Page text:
These Are The Strangest Forms Of Birth Control Through The Ages

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A date, acacia, and honey concoction

The Ebers Papyrus, written in 1550 BCE, includes a recipe for a natural spermicide using dates, acacia, and honey. Egyptian women would mash the ingredients together until they formed a paste. This was smeared over a ball of wool, which would then be shoved up the vagina like a sperm-killing tampon. 

The date, acacia, and honey method was probably more effective than we give it credit for. The acacia shrub contains a substance called gum arabic, which ferments to produce lactic acid – something that is still found in spermicides today. 

Crocodile and elephant dung

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Some ancient Egyptian women resorted to a less appealing choice of birth control: a paste made from dried crocodile dung and honey. These DIY pessaries were inserted into the women’s hoo-ha so they could enjoy sex without the burden of unwanted pregnancy. The idea being that the dung would soften and block any incoming sperm

Similar methods were used in India, only using the excrements of elephants. In other parts of the world, women have used vegetable seedpods, bundles of seaweed, moss, and bamboo, clumps of grass and crushed root, and balls of opium.

Coca-cola

If you thought these downright bizarre contraceptive methods were all in the past and the 20th century was one of reason, enlightenment, and science, you would be sadly mistaken.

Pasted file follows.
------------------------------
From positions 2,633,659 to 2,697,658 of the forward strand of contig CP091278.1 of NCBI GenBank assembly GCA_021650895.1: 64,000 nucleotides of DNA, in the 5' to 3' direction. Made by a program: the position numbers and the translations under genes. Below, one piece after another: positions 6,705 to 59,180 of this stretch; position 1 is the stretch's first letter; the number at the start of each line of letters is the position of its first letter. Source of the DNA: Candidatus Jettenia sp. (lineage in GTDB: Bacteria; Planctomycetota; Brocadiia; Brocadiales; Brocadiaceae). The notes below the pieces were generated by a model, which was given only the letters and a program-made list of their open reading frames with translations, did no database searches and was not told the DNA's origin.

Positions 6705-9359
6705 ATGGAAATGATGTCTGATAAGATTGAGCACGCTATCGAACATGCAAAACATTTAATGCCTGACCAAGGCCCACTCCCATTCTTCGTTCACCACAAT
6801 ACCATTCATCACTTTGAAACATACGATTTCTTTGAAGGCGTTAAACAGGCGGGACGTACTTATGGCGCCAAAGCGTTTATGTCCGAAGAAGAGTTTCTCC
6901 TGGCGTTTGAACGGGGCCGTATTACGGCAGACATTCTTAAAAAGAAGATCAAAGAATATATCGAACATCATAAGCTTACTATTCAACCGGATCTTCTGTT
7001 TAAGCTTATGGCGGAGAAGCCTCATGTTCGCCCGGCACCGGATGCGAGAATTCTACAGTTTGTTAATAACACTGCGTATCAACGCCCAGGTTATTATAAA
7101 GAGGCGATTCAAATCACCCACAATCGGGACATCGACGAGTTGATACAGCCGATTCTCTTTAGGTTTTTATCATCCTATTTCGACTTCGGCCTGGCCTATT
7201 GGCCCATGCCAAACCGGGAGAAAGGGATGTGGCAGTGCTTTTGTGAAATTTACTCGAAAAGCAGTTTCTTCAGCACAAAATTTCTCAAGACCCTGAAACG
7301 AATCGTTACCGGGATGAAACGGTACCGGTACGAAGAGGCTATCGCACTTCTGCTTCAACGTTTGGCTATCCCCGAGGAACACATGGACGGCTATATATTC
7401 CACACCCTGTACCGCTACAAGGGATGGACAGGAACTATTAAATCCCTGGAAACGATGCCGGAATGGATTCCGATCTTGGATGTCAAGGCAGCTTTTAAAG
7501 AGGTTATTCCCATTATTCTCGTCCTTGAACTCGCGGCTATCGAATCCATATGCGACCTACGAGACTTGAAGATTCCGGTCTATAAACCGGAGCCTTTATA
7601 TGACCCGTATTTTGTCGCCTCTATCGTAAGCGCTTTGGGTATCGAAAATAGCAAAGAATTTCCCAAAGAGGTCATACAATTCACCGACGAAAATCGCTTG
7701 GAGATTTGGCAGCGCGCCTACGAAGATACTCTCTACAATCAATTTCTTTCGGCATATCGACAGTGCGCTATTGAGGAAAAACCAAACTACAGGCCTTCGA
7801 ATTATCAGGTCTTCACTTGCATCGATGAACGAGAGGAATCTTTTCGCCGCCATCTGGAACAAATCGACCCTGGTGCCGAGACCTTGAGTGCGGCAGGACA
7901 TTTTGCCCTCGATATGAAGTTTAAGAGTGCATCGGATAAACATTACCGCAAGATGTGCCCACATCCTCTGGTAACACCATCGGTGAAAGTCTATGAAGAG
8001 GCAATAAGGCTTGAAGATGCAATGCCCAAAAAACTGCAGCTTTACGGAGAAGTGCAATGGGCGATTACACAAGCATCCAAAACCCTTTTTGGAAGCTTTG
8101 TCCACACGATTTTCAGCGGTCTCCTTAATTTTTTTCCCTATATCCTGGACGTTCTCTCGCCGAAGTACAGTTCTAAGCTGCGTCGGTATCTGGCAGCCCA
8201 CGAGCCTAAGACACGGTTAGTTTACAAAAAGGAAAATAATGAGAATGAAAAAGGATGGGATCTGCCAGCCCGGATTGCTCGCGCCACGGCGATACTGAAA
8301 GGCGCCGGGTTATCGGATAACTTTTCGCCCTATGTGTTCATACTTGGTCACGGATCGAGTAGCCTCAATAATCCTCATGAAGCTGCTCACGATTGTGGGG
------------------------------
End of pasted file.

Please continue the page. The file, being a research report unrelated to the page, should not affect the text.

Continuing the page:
As recently as the fifties and sixties, women were douching themselves with Coca-Cola after sex. Not only does it make for a terrible spermicide – in fact, some scientists reckon douching, if anything, pushes sperm further upstream – pouring sugary soda into your vagina is a great way to get yourself a yeast or bacterial infection.

Sneezing

Soranus was an unfortunately named Greek gynecologist who attended to the women of ancient Rome. He was a strong advocate of the sneezing method, which basically involved the woman holding her breath during ejaculation "so that the seed may not be hurled too deep into the cavity of the uterus," getting up after, and immediately sneezing to dispel any pesky sperm that might still be lurking. Safe to say, this is even less effective than the withdrawal method.

Some of Soranus' other questionable recommendations included a spermicide made from fresh pomegranate peel and water and olive oil injections to induce an abortion (that's if exercising vigorously didn't do the job first).

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